Julius Hui

 

Introduction to Chinese Typography: Hanzi

Chinese = Hanzi?

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An overview of language distribution across China.

China is a truly multi-ethnic country – the 1.4 billion people incorporate 56 ethnic groups. While Tibetan, Mongolian, Manchurian and several minority ethnic groups have got their own writing system, the Han Chinese make up over 91% of the population. As a result Hanzi, the written language of the Han people, has naturally come to be the dominant spoken language. It is the country’s official written language, and always regarded as the ‘Chinese language’. We will limit the context of our discussion of Hanzi to China, rather than also discussing Kanji in Japan and Hanja in Korea, because Hanzi has unique usages in those respective countries.

Hanzi’s Logographic Nature

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A comparison between Ancient Egyptian script (consonant based) and Chinese oracle bone script (syllable based), both are logographic writing systems.

As the art and technique of arranging specified type and text carries ideas and thought, it is always good to know how a visual language works to our eyes – there is no exception for Chinese typography – particularly as the script is completely different from a Syllabary script in the West.

Hanzi is an ancient written language – the first Hanzi could be found on a piece of carbonised pottery buried in Dahankou, China, dating back to 4,000 years ago.

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Historians believe ‘旦’ is the very first Hanzi.

The letterform is so interesting that one could literally see a combination of ‘Sun’, ‘Cloud’ and ‘Mountains’ with five apexes, a scene of the sun rising. This logo-like structured drawing, possibly formed the very first Hanzi in history – ‘旦’ – a character that means ‘Born’. This drawing has explained well how the Chinese ancestors chose to form their visual language by combining symbols.

From the Shang dynasty’s oracle bone script, through Qin’s seal script, to Han’s seal script and Tang’s kaishu, the written form of Hanzi kept evolving and being rationalised throughout history. This was because there was continual need to improve writing speed, however its logographic, and squarish nature has never changed. One of the greatest Chinese calligraphers, Ou Yang Xun of the Tang Dynasty, was rumoured to have invented the famous three by three Chinese calligraphic grid. This is a guiding system for measuring and standardising character structure, letter-spacing, and rhythm. Since then, ‘ideographic’, and ‘squarish’ have become the letterform nature of Hanzi, so much so that the Chinese people continue to write on square grid paper right up to today.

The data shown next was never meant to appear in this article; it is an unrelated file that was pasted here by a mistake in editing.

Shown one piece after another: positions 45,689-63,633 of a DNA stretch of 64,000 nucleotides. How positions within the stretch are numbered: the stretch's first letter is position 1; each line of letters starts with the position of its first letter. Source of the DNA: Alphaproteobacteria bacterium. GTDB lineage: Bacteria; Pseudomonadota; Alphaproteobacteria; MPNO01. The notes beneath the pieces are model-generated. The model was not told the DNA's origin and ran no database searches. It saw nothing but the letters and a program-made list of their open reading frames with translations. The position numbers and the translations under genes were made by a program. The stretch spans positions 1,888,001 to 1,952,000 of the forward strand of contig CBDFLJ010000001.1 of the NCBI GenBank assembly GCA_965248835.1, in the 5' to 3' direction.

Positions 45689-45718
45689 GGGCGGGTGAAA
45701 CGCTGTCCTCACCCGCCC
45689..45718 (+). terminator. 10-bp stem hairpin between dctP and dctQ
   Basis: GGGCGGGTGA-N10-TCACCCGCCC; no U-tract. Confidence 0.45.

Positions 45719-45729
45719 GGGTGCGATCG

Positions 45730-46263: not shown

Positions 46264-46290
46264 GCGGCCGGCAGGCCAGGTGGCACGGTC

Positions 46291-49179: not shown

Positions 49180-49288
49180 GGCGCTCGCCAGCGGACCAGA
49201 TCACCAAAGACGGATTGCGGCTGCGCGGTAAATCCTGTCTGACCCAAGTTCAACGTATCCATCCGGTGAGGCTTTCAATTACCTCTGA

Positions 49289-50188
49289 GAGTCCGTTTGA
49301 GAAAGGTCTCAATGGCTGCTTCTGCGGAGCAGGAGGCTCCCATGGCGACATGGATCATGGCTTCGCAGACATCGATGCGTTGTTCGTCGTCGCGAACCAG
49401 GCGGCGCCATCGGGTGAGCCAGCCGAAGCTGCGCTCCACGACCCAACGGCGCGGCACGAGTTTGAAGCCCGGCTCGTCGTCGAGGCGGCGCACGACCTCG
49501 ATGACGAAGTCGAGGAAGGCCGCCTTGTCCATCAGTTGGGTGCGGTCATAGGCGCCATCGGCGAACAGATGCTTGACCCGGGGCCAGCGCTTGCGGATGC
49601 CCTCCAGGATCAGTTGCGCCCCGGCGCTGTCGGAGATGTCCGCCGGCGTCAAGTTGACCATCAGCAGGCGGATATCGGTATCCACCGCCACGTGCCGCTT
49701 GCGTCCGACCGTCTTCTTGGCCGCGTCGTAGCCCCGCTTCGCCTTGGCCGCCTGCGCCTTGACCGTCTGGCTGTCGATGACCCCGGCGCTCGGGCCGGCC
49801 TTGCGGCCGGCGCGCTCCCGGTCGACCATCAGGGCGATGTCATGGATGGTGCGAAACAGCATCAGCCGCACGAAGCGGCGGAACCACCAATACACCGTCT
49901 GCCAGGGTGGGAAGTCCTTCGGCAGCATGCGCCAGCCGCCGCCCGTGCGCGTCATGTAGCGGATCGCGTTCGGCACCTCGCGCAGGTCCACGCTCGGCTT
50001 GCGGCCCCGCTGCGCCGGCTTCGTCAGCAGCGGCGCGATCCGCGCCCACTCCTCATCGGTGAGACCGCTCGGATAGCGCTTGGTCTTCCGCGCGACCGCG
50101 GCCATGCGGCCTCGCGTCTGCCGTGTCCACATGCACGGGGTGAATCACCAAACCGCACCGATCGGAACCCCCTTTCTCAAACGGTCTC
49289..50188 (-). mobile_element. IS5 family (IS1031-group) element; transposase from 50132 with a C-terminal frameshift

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How Hanzi is written on grid paper. (Image: drwilliams@Xanga)

How Chinese Typography Works

The Irish-born American missionary, William Gamble, who worked for the American Presbyterian Mission, invented the first Chinese metal type and sizing system through the electrotype method in Shanghai in the late 19th century. He adapted the variable width typesetting system of the West, into an ideographic-width system which fit into the Chinese script’s squarish nature. He designed the first ever metal type Song-ti ( ‘Serif-font’ in Chinese) in history.

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How Chinese type fits into a CJK typesetting grid in InDesign Chinese. (Font used: DF LiSong Medium)

The technology was then passed to Japan, beginning the squarish nature of Chinese, Japanese and Korean type today. The picture shown here is the typesetting grid that could be found in the Chinese version of InDesign, the Chinese text and punctuation are all, ideally, fitted into type-squares. Characters are read one by one, and reading speed mostly depends upon a readers’ reading experience.

Julius Hui

Next post:
Basic Setting of Chinese Type

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William Gamble, a missionary for the American Presbyterian Mission, invented the first Chinese metal type system and used it for publishing the Bible in the late 19th century.